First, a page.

Nokia Speakerphone HF-300 Review
As a whole, there aren´t many differences between the HF-200 and HF-300. Mounting it in your car takes just a few seconds. The only things you need to do is hang it onto your car's sun visor, set the clip and use the boxed band that fixes the device really tight into place, so any road bumps you might run into won´t give you any trouble. We have a gripe here though. You have to decide whether to pull down your car's sun visor or not and then stick to your choice, because otherwise you may end up with the speaker turned against the windscreen, which means you might face certain troubles using it later.
There are four buttons on the body of the HF-300, which unlike the ones on the HF-200 are backlit and hence, fairly easy to see in the dark. You may be wondering what you would need four buttons for. The one on the left hand side powers the device, while pressing it during calls turns on and off the microphone. The volume control keys are located on the front side of the HF-300, but this is not the only function they feature. They also light up in blue when you get your phone connected to the unit, notifying you the hands-free is all set and ready. The button in between is more universal. If someone´s calling you, you can press it once to answer or twice to reject the incoming call and in case you are talking to someone at the same time, pressing it is equivalent to hanging up. The button also has several other functions as well, like redial and voice dialing (if supported by your phone).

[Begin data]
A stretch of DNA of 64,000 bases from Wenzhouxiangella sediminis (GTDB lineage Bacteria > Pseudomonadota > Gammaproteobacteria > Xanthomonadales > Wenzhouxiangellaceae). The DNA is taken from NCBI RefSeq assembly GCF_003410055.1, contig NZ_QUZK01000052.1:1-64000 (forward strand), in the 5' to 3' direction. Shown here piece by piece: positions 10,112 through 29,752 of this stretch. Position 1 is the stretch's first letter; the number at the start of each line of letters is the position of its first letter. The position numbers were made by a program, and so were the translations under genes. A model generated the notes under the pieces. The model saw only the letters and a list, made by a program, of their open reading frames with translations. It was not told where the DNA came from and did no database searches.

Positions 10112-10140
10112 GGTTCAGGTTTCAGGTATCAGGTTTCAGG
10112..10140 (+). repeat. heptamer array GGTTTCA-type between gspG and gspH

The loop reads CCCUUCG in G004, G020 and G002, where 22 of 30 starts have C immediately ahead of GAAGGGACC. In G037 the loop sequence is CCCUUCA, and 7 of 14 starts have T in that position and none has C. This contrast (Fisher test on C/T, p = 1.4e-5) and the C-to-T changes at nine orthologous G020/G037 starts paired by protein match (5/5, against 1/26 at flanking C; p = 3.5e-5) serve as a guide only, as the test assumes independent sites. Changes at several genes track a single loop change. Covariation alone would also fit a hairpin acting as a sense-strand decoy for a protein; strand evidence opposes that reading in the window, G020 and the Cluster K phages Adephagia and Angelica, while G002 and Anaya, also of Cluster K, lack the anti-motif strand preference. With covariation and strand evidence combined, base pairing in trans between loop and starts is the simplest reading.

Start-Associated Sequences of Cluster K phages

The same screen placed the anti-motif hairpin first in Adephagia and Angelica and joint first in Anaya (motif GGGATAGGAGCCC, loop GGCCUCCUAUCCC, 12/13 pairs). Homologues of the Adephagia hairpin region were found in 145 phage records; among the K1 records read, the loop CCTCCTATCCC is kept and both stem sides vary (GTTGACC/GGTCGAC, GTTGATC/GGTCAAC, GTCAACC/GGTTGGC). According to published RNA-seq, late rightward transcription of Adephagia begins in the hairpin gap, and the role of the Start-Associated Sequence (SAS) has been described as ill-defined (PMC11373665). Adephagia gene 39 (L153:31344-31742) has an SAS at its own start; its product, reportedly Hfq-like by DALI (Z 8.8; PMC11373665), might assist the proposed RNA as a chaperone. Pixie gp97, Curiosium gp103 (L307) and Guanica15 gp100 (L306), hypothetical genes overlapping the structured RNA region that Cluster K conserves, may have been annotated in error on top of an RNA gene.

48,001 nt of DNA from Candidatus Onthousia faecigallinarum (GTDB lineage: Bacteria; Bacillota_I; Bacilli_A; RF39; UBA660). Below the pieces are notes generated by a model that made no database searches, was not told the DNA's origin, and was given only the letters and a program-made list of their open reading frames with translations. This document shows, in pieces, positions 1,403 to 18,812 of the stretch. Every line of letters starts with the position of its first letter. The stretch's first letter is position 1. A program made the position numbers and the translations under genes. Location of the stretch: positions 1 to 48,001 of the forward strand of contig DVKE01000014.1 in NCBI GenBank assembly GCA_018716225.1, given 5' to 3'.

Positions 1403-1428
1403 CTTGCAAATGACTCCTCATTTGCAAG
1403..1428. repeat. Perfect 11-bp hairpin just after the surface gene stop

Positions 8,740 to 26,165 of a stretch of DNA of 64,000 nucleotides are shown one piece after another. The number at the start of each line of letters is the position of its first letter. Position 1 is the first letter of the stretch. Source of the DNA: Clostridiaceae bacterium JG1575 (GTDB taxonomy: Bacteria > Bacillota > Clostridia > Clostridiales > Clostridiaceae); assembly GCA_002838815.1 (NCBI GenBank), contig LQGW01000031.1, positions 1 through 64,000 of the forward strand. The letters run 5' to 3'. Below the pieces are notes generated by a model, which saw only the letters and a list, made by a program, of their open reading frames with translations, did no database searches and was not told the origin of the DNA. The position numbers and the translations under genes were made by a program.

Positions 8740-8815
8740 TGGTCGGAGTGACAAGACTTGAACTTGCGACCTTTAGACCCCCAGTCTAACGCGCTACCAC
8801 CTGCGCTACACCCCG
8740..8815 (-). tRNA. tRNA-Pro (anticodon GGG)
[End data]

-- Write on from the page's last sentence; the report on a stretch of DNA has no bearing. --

Now, it´s time we talk about the sound quality. We were able to hear what we were told while driving at 35 mph with the side window open wide, although crackling became an issue with the device going at full blast. Fortunately, this didn’t seem to affect the quality badly. Things turned out to be much worse on the other end and people complained they had lost us on several occasions. Unfortunately, this issue was present even in more quiet surroundings. Therefore, we cannot recommend the HF-300, so you better go for the cheaper HF-200.
According to the manufacturer, the HF-300 should be able to provide about 20 hrs of continuous talk time and 240 hrs (10 days) in standby. Fortunately, Nokia has allowed for easily distractible people like us that tend to forget different gadgets turned on, so the device powers off on having lost connection to the cell phone for more than 5 minutes, meaning you won´t have to think about turning it off if you need to leave your car for several hours. Just get off and the Nokia Speakerphone HF-300 will switch to sleep mode in several minutes.
As a whole, the HF-300 is quite handy to use and mounting it onto a car's sun visor is fast and easy. Unfortunately, we are not satisfied with the call quality it delivers, so we think you´d better off opting for the cheaper HF-200.